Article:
Moderation is creating a healthy balance in your life between work and play, rest and exercise. You don't overdo or get swept away by the things you like. You use your self-discipline to take charge of your life and your time.
節制 can also be translated as sobriety, self-restraint, or temperance.
節制 is often used as part of the Seven Heavenly Virtues to represent sobriety and/or temperance.
This Chinese proverb literally means: [The value of] soldiers/warriors lies in [their] quality, not [just] in [their] quantity.
In simple terms, this says that in regard to warriors, quality is better than quantity.
Most tacticians will agree that this can aid in the factor known as "force multiplication". Having good troops, of high morale, excellent training, and good discipline is like having a force that is three times larger.
See Also: 兵在精
正業 is one of the Noble Eightfold Paths of Buddhism. Right Action, along with Right Speech and Right Living constitute the path to Virtue.
The five precepts of Right Action are:
1. To refrain from destroying living beings (no murder, or any form of taking a life).
2. To refrain from stealing.
3. To refrain from sexual misconduct (adultery, rape, etc.).
4. To refrain from false speech (lying or trickery).
5. To refrain from intoxicants which lead to heedlessness (no drugs or alcohol).
This concept can be summarized as, "Avoidance of actions that conflict with moral discipline".
Note: In Japanese, when read by a non-Buddhist, this will mean "the right job/vocation".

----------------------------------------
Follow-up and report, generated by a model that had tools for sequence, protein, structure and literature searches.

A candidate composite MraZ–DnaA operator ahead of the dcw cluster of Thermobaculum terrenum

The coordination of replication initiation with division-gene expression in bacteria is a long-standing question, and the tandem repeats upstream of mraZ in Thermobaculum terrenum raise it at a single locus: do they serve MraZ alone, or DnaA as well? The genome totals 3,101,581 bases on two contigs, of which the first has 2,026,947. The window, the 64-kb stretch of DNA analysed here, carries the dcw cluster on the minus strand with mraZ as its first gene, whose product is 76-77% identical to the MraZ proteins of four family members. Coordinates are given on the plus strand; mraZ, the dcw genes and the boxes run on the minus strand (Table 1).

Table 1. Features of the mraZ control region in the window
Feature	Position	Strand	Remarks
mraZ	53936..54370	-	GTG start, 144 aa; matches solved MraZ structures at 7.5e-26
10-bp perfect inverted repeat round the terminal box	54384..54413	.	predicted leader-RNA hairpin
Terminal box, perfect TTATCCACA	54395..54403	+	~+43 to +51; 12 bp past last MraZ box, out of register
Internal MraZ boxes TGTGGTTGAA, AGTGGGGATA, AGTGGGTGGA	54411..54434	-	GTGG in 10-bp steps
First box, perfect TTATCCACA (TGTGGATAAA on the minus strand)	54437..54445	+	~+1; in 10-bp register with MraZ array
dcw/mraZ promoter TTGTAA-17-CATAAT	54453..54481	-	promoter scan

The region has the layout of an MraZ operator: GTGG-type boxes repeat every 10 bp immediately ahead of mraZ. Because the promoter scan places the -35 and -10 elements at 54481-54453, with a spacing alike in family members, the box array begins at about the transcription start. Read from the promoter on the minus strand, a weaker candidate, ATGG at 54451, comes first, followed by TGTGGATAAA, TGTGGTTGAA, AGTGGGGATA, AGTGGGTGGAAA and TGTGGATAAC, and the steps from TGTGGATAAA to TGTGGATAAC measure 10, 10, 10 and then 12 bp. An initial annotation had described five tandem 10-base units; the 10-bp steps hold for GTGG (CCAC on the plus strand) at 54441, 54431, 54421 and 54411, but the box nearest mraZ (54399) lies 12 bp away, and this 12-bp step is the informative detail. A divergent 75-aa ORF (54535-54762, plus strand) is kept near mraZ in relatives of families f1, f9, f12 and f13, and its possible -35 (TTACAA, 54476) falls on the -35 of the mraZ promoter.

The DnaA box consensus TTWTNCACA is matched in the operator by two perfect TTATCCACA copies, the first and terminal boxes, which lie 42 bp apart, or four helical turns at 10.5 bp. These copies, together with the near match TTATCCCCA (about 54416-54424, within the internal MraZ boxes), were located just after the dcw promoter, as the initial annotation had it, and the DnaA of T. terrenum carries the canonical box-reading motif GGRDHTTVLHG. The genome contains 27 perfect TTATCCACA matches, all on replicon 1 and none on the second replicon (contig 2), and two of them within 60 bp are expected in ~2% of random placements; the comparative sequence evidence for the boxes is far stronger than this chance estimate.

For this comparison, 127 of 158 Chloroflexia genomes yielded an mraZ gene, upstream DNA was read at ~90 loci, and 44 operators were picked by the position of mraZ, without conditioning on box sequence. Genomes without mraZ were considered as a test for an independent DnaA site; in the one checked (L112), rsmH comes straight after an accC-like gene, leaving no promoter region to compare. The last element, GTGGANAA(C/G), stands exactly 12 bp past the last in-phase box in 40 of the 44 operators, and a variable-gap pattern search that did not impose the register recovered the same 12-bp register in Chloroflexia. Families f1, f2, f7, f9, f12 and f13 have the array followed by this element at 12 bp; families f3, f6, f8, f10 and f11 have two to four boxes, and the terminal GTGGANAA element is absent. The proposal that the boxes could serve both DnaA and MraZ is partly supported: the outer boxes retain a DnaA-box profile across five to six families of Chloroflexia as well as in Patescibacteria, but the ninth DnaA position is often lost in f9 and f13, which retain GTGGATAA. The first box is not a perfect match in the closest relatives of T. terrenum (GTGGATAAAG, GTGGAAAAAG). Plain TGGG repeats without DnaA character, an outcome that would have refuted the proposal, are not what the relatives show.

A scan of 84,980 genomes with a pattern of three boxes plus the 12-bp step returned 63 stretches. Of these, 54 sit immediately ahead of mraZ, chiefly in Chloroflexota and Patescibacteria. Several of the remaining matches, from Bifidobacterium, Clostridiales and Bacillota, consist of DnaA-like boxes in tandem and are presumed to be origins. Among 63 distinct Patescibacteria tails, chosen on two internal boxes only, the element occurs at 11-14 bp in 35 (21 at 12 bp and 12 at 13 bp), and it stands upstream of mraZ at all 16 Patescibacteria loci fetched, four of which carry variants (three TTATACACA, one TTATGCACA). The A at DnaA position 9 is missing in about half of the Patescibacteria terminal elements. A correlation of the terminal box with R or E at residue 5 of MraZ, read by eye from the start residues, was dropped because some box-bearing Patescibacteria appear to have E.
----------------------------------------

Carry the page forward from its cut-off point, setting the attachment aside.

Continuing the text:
This term is exclusively used by devout Buddhists. It is not a common term, and is remains an unknown concept to most Japanese and Chinese people.
太極拳 is the famous Taoist meditation and martial art exercise. The direct translation of these characters would be something like "grand ultimate fist" but that does not quite hit the mark for what this title really means.
An early-morning walk through any city in China near a park or open area will yield a view of Chinese people practicing this ancient technique.
The typical scene is an old man of no less than 80 years on this earth, with a wispy white beard and perhaps a sword in one hand. He makes slow moves that are impossibly smooth. He is steady-footed, and always in balance. For him, time is meaningless and proper form and technique is far more important than speed.
For the younger generation, faster moves may look impressive and seem smooth to the casual observer. But far more discipline and mental strength is needed to create perfectly smooth moves in virtual slow motion.
Note: There are two ways to Romanize these Chinese characters as seen in the title above. The pronunciation and actual characters are the same in Chinese. If you really used English sounds/words to pronounce this, it would be something like "tie jee chew-on" (just make the "chew-on" as one flowing syllable).
In Japanese, the modern definition, using simple terms is "A martial art involving swords" or "The art of the sword".
However, in Chinese, this is the word for fencing (as in the Olympic sport).
I will suppose that you want this for the Japanese definition which comes from skills and techniques developed in the 15th century. At that time, Kenjutsu (or swordsmanship) was a strictly military art taught to Samurai and Bushi (soldiers). The fact that swords are rarely used in military battles anymore, and with the pacification of Japan after WWII, Kenjutsu is strictly a ceremonial practice often studied as a form of martial art (more for the discipline aspect rather than practical purpose).